FOR IMMEDIATE RELEASE
June 14, 2011
State employees receive national award for burn barrel exchange program
Smokey Bear honors wildfire prevention project
OLYMPIA – Two state employees received national recognition for a statewide wildfire prevention project. The Washington State Department of Natural Resources (DNR) Wildfire Prevention Program Manager, Sandy Williams, and the Department of Ecology Air Quality Program Environmental Planner, Julie Oliver, received the National Bronze Smokey Bear award.
The National Smokey Bear awards are presented annually by the Ad Council, the National Association of State Foresters, and the U. S. Forest Service to individuals for sustained excellence in wildland fire prevention.
The Bronze Award recognizes performance of statewide significance. Sandy Williams and Julie Oliver collaborated to implement a burn barrel exchange program. Outdoor burning has been a leading cause for wildfire starts in the Pacific Northwest and a significant source of air quality problems. The use of burn barrels has been illegal in Washington for many years. This program encourages Washington residents to turn in their burn barrels and receive a free compost bin in exchange. For the last two years, Sandy and Julie have worked to deliver this program targeting high-risk counties for escaped debris burning.
The exchange program brought in more than 770 illegal burn barrels from nine counties and one tribe over two years.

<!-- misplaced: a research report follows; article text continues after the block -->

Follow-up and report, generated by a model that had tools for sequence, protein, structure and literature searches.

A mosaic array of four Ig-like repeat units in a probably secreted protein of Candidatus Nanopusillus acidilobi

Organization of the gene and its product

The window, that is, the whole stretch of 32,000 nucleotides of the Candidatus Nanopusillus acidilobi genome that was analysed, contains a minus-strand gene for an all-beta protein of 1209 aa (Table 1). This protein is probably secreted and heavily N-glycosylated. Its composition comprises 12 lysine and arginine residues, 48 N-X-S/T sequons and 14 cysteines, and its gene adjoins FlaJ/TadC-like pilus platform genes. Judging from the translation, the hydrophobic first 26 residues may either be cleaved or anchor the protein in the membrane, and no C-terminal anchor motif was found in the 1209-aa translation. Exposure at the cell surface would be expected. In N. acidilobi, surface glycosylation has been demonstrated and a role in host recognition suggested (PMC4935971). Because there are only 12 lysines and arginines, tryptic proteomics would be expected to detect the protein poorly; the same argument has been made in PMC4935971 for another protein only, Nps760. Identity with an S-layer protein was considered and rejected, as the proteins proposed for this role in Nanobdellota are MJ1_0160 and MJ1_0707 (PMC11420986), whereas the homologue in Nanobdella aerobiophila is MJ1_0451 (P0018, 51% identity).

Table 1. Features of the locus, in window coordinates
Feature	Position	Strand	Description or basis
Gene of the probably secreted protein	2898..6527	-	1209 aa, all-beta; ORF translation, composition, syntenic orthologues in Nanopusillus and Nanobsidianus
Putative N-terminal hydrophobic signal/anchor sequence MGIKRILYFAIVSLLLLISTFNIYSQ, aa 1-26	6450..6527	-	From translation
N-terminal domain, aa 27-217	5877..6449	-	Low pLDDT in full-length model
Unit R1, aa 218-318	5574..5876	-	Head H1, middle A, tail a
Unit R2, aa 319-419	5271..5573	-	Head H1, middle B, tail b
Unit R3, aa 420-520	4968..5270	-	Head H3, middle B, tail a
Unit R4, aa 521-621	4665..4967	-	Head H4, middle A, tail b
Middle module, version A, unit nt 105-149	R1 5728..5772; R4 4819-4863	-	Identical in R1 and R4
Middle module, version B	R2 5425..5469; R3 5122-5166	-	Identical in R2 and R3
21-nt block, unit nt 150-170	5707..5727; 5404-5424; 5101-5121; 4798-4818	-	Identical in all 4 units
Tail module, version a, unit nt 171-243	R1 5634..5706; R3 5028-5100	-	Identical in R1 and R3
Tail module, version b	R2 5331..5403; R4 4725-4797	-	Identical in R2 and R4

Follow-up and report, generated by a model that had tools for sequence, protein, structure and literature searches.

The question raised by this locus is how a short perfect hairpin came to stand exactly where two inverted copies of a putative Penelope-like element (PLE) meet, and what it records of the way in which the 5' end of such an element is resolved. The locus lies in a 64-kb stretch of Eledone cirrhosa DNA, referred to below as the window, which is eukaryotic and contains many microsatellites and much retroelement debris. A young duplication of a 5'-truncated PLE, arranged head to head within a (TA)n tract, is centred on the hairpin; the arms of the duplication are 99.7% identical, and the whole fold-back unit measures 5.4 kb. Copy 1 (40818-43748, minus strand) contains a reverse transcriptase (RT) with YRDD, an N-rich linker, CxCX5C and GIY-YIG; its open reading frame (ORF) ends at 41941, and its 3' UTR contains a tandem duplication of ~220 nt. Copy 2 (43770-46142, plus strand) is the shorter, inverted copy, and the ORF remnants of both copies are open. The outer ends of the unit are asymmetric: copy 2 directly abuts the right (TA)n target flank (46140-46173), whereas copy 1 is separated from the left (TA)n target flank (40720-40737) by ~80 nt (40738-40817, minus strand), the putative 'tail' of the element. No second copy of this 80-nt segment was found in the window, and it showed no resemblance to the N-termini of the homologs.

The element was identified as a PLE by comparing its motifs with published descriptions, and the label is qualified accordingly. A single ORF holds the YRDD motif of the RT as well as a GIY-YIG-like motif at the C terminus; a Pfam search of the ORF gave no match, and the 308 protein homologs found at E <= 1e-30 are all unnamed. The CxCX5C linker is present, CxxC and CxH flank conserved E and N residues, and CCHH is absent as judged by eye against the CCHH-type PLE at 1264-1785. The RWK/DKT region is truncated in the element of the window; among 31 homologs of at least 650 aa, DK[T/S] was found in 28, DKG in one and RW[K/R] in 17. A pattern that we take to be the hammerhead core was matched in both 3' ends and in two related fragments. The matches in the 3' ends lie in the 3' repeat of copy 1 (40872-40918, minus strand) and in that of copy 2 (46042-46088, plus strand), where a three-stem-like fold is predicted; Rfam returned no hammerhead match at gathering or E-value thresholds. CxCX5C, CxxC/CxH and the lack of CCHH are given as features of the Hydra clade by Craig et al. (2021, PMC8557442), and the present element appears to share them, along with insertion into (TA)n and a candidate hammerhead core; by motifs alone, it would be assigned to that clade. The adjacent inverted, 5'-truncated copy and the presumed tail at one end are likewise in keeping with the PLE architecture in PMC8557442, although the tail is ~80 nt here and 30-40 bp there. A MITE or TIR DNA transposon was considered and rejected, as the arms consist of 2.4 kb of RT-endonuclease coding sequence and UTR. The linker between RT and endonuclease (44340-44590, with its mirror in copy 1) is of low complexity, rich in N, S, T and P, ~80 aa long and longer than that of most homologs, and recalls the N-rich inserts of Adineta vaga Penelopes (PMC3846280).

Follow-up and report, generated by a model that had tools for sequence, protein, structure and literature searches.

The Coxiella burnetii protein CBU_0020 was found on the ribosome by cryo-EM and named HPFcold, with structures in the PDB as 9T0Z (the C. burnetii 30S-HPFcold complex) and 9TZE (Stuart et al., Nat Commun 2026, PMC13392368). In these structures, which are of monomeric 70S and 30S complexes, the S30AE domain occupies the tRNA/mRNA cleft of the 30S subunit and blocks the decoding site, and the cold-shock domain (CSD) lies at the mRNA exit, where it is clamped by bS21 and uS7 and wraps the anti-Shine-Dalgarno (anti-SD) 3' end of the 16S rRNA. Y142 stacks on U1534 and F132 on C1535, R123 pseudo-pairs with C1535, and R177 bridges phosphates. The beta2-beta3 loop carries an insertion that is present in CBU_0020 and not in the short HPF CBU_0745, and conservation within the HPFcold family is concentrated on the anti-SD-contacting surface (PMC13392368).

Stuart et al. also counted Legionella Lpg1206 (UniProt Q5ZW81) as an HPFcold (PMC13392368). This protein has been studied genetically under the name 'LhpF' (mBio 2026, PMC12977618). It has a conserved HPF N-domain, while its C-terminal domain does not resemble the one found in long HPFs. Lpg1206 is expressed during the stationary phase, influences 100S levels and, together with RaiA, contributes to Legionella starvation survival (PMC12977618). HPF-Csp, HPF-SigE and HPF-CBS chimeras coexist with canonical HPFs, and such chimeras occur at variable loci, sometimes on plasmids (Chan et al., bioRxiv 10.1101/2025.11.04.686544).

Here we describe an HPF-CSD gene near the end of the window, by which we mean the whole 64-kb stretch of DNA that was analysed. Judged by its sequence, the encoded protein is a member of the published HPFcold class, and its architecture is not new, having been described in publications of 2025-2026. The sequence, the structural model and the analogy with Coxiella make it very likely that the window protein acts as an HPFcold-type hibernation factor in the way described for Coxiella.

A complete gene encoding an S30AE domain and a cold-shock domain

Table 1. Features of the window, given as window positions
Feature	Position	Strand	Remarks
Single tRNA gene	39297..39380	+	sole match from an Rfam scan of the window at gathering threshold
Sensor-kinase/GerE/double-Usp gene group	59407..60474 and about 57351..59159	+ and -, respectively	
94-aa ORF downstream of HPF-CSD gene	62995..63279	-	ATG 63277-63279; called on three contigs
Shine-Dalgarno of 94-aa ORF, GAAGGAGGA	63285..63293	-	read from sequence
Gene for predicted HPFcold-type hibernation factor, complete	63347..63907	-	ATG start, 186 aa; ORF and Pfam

“Sandy and Julie have both provided many years of exceptional service to the cause of forest fire prevention and clean air in Washington State,” said State Forester Aaron Everett with DNR. “Their leadership has brought forward more awareness to wildfire prevention and made a measurable impact in reducing the number wildfires in Washington.”
For more information on Smokey Bear, log on to www.smokeybear.com.
DNR’s wildfire mission
Administered by Commissioner of Public Lands Peter Goldmark, DNR is responsible for preventing and fighting wildfires on 12.7 million acres of private, state and tribal-owned forestlands. DNR is the state’s largest on-call fire department, with over 1,000 employees trained and available to be dispatched to fires as needed. During fire season, this includes over 700 DNR employees who have other permanent jobs with the agency and about 375 seasonal workers. Additionally, Department of Correction inmates participate in the DNR correctional camps program. DNR also participates in Washington’s coordinated interagency approach to firefighting.
Media Contact: Janet Pearce, Community Outreach and Environmental Education,
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